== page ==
From Isaac Anumihe, Abuja
As part of efforts to decongest Nigerian ports and end the intractable gridlock along the Apapa-Oshodi Expressway in Lagos, the Federal Government has ordered the relevant authorities to ensure that all rail lines terminate at the ports.
Speaking during a press briefing to kickstart the 27th Nigerian Economic Summit (#27NES) in Abuja, the Minister of State for Finance Budget and National Planning, Prince Clem Ikanade Agba, said the focus of the government is on the rail and by the time that is realised there will be less pressure on the roads.
According to the minister, this year’s summit is aimed at assessing the current state of the Nigerian economy and foster a people-centred approach to refocus the economic, social and political challenges.
It is also going to galvanise a renewed commitment of stakeholders to urgently and actively prioritise the pursuit of economic growth that can sustainably create jobs, lift millions out of poverty and enable Nigeria to realise its economic potentials on the global stage.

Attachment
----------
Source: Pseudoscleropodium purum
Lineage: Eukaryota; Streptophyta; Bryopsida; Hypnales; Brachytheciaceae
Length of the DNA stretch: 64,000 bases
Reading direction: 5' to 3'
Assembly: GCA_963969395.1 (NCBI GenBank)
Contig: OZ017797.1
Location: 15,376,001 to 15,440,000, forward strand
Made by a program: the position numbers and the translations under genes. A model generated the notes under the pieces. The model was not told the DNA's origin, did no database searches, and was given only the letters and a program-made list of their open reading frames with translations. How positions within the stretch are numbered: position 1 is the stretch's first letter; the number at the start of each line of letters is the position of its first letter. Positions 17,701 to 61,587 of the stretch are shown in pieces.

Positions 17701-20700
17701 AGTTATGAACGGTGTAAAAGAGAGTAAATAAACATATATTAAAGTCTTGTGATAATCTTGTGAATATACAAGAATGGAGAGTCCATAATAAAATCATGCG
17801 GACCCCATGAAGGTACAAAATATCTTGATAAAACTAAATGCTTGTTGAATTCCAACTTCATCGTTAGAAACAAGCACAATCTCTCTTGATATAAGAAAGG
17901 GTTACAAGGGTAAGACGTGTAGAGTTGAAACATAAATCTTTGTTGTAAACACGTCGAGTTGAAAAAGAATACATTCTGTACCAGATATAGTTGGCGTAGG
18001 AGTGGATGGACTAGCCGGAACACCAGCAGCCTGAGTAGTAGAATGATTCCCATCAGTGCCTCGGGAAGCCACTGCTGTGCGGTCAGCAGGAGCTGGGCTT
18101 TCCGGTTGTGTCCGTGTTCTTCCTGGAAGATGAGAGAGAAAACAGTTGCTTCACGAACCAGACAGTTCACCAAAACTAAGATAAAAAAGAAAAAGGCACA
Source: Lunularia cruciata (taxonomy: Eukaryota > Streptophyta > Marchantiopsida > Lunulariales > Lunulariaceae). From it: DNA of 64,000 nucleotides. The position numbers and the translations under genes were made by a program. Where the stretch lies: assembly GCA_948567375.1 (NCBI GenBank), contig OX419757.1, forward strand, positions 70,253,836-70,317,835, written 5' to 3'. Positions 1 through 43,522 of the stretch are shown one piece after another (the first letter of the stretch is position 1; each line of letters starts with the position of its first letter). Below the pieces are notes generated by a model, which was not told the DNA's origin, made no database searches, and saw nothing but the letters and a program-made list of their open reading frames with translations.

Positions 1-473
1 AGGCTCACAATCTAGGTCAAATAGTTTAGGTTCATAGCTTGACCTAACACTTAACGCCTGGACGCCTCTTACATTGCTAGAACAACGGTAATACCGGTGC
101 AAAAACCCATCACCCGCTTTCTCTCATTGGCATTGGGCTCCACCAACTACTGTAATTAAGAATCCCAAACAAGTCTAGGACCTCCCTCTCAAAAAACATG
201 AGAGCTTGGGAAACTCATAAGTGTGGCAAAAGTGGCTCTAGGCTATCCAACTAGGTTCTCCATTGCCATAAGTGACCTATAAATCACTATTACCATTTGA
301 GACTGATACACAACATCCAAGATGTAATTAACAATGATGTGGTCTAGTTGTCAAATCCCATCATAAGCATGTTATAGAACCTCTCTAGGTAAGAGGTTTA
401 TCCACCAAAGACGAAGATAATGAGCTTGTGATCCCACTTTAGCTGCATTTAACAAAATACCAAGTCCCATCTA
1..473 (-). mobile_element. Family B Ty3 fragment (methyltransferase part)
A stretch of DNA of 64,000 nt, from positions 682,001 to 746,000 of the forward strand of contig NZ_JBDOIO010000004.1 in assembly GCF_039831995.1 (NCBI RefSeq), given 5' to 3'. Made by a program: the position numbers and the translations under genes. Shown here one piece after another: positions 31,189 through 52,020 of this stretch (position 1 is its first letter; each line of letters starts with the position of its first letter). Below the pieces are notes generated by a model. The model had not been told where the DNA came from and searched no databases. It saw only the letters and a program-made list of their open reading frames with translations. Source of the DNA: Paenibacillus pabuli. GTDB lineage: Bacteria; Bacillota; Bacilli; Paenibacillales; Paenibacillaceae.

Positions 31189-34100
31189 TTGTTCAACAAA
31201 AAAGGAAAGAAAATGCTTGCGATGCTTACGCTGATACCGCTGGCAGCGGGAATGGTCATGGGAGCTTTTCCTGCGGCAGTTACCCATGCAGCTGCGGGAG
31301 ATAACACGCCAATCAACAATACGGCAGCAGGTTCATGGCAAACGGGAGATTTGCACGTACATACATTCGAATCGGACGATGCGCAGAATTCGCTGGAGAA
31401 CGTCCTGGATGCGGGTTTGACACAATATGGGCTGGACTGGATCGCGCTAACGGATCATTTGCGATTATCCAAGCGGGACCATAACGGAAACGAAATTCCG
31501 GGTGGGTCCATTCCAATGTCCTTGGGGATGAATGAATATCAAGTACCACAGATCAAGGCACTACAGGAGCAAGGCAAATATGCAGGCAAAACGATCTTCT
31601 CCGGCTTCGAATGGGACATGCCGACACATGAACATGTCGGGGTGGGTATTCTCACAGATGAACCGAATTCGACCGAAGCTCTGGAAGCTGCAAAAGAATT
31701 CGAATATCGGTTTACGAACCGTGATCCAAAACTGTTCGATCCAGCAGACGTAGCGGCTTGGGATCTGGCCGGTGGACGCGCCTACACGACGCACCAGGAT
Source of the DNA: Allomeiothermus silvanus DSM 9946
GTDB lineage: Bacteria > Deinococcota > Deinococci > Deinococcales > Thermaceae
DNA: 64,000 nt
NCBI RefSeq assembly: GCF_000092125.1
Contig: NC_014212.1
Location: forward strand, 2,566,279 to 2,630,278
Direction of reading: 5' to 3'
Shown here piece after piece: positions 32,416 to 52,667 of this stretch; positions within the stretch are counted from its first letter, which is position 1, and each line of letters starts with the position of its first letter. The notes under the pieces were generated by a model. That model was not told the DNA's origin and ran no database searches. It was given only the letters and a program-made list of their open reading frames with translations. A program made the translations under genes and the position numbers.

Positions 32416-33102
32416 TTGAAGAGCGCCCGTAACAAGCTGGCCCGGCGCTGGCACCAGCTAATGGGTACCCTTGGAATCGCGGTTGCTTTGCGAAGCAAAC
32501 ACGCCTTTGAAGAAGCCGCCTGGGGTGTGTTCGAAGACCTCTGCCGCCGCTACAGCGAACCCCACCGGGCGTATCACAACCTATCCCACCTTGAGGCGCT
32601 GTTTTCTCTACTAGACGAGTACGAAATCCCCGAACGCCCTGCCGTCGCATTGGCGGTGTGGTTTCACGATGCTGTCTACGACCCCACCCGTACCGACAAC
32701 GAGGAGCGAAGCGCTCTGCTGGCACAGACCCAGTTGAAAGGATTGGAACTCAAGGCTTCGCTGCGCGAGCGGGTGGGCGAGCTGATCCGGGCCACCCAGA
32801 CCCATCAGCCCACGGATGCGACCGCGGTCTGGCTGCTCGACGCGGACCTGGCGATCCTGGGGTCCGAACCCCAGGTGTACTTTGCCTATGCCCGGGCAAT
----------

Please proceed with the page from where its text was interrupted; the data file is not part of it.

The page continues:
It will equally compel stakeholders and the government to take critical and immediate actions and institute an efficient monitoring mechanism to ensure that key recommendations at the NES #27 are implemented.
‘You will recall that the NES#22 was focused on “Made in Nigeria” and we all agreed that to move the nation forward, we need to have a paradigm shift from an import-dependent and consumption economy to an economy that is self-sufficient in local production and export. As Mr President says ‘we produce what we eat and eat what we produce,’ he said.
In his remarks, the Chairman of Nigerian Economic Summit (NES #27), Mr Asue Ighodalo, regretted that the 27th Economic Summit slated for October 25, 2021, is coming when the nation is facing huge economic woes which include, currency devaluation, foreign exchange shortages, trade imbalances, budget deficits, mounting debts, high inflation especially food inflation and food insecurity.
Other economic weaknesses, he noted, include low manufacturing capacity, port inaccessibility, delays and high costs of moving goods and machinery through the ports.